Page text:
Cranna has been documenting some of his stunning photography on Instagram, collating it over the past 20 months into a forthcoming book, Sky Architecture—The Transformative Magic of Today's Bridges. In capturing these entrancing structures, the photos show the impact of the bridges as an addition to the landscape and revel in their contemporary silhouettes and designs.
In this book, stories portray the production of our built environment, guided by three characters: Giraffes, Telegraphs, and Hero of Alexandria. Having developed its long neck to reach the leaves of high trees, the giraffe represents the vernacular approach to architecture, in which construction follows forces of nature. The telegraph, in contrast, embodies the modernist paradigm, in which technology reigns supreme and forces nature to adapt. Inspired by Hero of Alexandria, we subscribe to a third paradigm – using technology to optimize nature and, inversely, nature to assimilate technology.
The book is a collection of 13 architecture and urban research
For a disruptive, 10-kilometer-long rail project that won’t even break ground until 2019, public officials and local residents of Moss, just south of Oslo, Norway, have been given an unusually vivid preview that, in the past, only the designers would have seen at this stage.
“We set up a showroom in the city where the public can come to view the project in a theater setting, and the feedback has been quite nice,” says Hans Petter Sjøen, facility management coordinator for Bane NOR, the year-old, state-owned company responsible for developing, operating, and maintaining the Norwegian national railway infrastructure. “Project members also have been receptive. They tell us that they have seen dimensions on the big screen that they did not see in person.”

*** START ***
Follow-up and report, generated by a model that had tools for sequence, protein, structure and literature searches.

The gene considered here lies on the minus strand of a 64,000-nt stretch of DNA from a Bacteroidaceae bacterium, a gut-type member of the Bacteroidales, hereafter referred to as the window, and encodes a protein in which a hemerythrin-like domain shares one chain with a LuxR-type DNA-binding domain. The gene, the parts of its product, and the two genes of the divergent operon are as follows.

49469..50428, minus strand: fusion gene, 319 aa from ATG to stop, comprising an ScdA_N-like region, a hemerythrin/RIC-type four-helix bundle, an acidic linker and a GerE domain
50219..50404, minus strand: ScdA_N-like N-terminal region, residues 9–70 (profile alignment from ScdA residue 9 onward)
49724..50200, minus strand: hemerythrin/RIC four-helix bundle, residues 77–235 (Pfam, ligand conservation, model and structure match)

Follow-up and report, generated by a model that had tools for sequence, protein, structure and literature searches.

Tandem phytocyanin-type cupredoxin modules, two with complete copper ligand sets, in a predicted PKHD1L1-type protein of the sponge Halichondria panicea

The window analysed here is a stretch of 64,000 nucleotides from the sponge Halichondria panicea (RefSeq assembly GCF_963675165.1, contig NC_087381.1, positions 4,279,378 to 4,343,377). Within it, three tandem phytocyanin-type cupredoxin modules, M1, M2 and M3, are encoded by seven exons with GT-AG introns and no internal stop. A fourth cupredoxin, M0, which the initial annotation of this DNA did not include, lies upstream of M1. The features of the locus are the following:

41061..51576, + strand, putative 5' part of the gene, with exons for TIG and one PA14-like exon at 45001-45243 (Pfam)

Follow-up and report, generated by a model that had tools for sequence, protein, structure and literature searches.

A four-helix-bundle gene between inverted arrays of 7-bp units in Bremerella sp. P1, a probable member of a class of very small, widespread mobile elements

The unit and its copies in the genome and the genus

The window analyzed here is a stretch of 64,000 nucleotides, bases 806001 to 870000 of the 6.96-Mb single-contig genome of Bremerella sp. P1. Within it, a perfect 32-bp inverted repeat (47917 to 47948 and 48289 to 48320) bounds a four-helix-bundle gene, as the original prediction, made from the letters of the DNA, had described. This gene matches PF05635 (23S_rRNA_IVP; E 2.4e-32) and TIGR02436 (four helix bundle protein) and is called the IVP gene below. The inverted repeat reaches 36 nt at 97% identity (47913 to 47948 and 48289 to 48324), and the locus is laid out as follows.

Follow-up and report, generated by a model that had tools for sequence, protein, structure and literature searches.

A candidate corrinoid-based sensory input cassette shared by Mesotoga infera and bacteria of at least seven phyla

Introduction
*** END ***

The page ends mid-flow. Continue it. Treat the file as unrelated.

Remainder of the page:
In the latest in their Daily360 series, the New York Times takes a look at this past weekend's demolition of the old Kosciusko Bridge on Newton Creek between the boroughs of Brooklyn and Queens. Built in 1939, the steel truss bridge had become a major bottleneck for traffic over the past 8 decades, prompting the state government to invest in a new cable-stayed design. The first span of that bridge opened in April, with a second span to be built over the path of the former bridge.
“This is an area that was polluted from the industrial manufacturing economy,” said New York State Governor Cuomo. “We’re cleaning it up, but I think the crown jewel is going to be that new Kosciuszko bridge.”
Thirty years ago, on my first visit to India, I glanced over an ordinary wall. The ground fell away and was replaced by an elaborate, man-made chasm the length and depth of which I couldn’t fathom. It was disorienting and even transgressive; we are, after all, conditioned to look up at architecture, not down into it, and I had no clue as to what I was looking at. Descending into the subterranean space only augmented the disorientation, with telescoping views and ornate, towering columns that paraded five stories into the earth. At the bottom, above-ground noises became hushed, harsh light had dimmed, and the intense mid-day heat cooled considerably. It was like stepping into another world.
Los Angeles’ beloved downtown icon Angel’s Flight has reopened for the first time in four years after undergoing extensive renovations to improve the safety and longevity of the attraction. Sometimes referred to as the “world’s shortest railroad,” the hillside structure is actually a funicular system – both cars share a single cable and are propelled forward in part with the potential energy afforded from the counterweight of the opposing car.
The long-awaited replacement for New York City’s longest bridge, the Tappan Zee, is set to open to the public on Friday, announced Governor Andrew Cuomo. After four years of construction, the first of the $4 billion dollar project’s twin two-span cable-stayed structures will welcome automobile as well as pedestrian and bicycle traffic for the first time.
Construction has begun on Penn Station’s fast-tracked Moynihan Train Hall project has begun, announced New York State Governor Andrew Cuomo in a press conference.
Located within the existing James A. Farley Building (across from the existing Penn Station entrance), the new 255,000-square-foot Train Hall will serve as a new concourse for Amtrak and Long Island Railroad passengers, while an additional 700,000-square-feet will be dedicated to commercial, retail and dining spaces.